I didn’t think it was possible for actor/singer/business titan/forever fitspo Jennifer Lopez to become more of a boss. Then I saw Hustlers.
Premiering at the Toronto International Film Festival and hitting theatres on September 13, Hustlers tells the true story of a group of New York strip club employees who, after the 2008 recession, came up with a scheme to steal from their wealthy Wall Street clients. Think Robin Hood, but sexier and starring A-listers Lopez, Constance Wu, Lili Reinhart and Keke Palmer, with appearances by Cardi B and Lizzo. Lopez, who also produced the film, plays the crew’s fierce ringleader, Ramona, and watching her is like watching an hour-and-49-minute tutorial in BDE.
In case you already forgot, BDE refers to Big Dick Energy, a term first coined by Toronto writer Kyrell Grant in a viral tweet commemorating Anthony Bourdain. The descriptor later took on a life of its own when it was used to explain the mysterious allure of Pete Davidson. “BDE has less to do with confidence and more to do with personality and how you carry yourself. And you don’t need a dick to have it,” Grant told The Guardian, citing Beyoncé as “the pinnacle of BDE.” And I’d argue that Lopez is a close second.
Make no mistake, Lopez has always carried herself with a certain level of BDE, but her performance as Ramona in Hustlers takes it to the next level. Despite being a flawed character (I mean, she did break the law), Ramona feels flawless—and not just because at 50, Lopez somehow looks like a fierce 30, and has more ab definition than I thought humanly possible. Based on Grant’s definition of BDE, it’s not just about Ramona’s confidence throughout the film, it’s about how she pulls off nearly everything. She gives off the vibe of having all the answers to the point that it feels like her whole crew is operating under the motto: WWRD, What Would Ramona Do? That level of admiration isn’t just because Ramona’s the top dancer at the club, but also because of the powerful way in which she carries herself. There are too many scenes to count where just the sight of her—whether she’s sitting on the strip club’s rooftop wearing a rhinestone G-string bodysuit and a giant fur coat or walking down the street in a black hoodie—made me gasp in admiration. Seriously, there’s a moment where she stepped through a curtain and I think I stopped breathing.
HUSTLERS: if anything Jennifer Lopez is not being hyped enough
— kateyrich (@kateyrich) September 8, 2019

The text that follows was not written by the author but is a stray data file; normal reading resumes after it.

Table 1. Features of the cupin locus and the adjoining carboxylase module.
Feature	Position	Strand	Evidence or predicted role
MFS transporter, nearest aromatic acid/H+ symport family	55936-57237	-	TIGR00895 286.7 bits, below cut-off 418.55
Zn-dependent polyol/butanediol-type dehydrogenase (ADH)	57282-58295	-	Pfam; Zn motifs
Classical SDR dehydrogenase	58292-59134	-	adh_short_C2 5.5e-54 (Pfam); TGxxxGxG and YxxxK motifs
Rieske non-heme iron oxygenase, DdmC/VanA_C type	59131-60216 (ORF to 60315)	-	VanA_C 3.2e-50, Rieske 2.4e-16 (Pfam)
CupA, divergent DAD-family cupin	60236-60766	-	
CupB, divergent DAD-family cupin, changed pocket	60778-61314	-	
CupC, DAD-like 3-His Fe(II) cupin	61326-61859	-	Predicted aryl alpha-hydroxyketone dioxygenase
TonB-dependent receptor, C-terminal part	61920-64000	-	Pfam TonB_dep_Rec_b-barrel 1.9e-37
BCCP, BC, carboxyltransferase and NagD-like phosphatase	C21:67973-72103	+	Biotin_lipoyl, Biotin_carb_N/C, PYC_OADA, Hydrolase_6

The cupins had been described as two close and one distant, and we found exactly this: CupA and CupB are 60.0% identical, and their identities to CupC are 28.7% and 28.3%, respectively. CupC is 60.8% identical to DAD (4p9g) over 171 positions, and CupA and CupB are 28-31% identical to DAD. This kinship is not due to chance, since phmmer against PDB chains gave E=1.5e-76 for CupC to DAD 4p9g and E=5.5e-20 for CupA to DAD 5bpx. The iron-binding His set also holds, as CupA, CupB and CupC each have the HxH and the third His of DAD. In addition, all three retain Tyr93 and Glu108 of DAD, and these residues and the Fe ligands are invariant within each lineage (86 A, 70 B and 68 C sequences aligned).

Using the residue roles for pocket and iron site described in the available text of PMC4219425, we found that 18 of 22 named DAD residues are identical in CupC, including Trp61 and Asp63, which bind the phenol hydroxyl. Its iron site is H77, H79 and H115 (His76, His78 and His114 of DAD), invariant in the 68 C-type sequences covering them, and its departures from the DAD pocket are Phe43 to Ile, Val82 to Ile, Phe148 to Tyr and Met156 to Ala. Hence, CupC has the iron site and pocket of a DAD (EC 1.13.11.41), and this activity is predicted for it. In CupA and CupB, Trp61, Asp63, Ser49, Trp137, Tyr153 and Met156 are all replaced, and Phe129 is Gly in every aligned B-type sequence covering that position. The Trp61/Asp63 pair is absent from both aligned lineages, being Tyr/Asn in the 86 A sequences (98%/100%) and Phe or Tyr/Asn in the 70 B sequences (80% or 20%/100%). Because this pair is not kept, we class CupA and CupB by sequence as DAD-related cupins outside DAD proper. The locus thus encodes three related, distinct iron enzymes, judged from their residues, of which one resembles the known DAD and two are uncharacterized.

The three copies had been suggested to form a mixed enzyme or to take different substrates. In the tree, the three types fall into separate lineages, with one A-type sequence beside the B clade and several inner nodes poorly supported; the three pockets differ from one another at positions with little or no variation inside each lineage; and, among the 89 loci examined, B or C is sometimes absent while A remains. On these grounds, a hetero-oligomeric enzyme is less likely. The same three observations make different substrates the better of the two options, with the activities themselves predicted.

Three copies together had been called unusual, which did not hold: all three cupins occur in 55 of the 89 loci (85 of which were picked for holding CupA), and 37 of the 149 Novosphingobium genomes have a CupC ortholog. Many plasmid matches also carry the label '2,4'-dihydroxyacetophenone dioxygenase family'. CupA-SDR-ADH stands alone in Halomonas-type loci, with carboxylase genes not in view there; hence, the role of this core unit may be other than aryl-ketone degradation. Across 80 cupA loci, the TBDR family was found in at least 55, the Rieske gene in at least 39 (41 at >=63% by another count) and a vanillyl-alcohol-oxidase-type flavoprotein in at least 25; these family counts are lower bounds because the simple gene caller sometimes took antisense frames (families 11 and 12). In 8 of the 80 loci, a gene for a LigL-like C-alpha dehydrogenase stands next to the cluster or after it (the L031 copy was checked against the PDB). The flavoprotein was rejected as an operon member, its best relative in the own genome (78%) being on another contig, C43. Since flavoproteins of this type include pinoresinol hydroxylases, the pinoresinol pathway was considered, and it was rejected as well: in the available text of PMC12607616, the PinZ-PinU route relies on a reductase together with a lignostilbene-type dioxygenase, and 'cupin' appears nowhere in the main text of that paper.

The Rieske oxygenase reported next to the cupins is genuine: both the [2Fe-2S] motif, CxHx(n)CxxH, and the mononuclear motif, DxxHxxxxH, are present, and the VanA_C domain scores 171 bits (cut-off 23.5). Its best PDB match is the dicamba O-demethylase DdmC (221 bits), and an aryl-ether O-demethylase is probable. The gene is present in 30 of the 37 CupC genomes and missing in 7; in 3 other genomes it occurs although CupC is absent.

I saw #Hustlers weeks ago, and I’ve been dying to tell you: at one point of Jennifer Lopez’s first scene, my soul left my body.
— Sage Young (@sageyoungest) September 8, 2019
But to me, her character’s BDE isn’t just about her ability to steal every scene. It’s about her always-be-hustling personality and how she uses her presence to better the lives of the women around her. It’s a character trait that feels particularly poignant given that this is a story about women, originally reported by New York Magazine’s Jessica Pressler and subsequently written as a screenplay that was directed by Lorene Scafaria and brought to life with a nearly all-female crew. It’s also been heralded for adding much-needed depth to Hollywood’s portrayal of strippers by telling the story from the perspective of the dancers themselves. All of these factors make this film a standout before it even begins, especially since last year, only 39 out of the top 100 films had a woman in the lead role, according to USC’s Annenberg Inclusion Initiative. Of those films, only 11 of those women were from an underrepresented racial or ethnic group and only 11 were 45 years old or older.
“This game is rigged and it doesn’t reward people who play by the rules,” Ramona says. But with Hustlers, Lopez is straight-up ignoring the old rules that dictate who gets to be in front of the camera—and it’s earning her Oscar buzz.
With all the Oscars buzz for @JLo in #hustlers, here's an unbelievable statistic. No Latina actress has won the Oscar for best actress. Only four have been nominated (Fernanda Montenegro — at the 71st Oscars — followed by Salma Hayek, Catalina Sandino Moreno, Yalitza Aparicio).
— Ramin Setoodeh (@RaminSetoodeh) September 8, 2019
Hustlers’ Big JLo Energy is all about ownership over what women are capable of—something that I personally find is often stifled by crippling imposter syndrome. In one of the early scenes, Ramona is showing Destiny (Wu) some of the pole dancing basics (which are seriously not basic). As she spins around the pole and contorting her body as if she’s not literally defying gravity, Destiny says what we’re all thinking: “What if you don’t have muscles to do that?”
Ramona’s response is swift. “Every girl has muscles to do this,” she says. And trust, in Hustlers, Lopez is flexing them.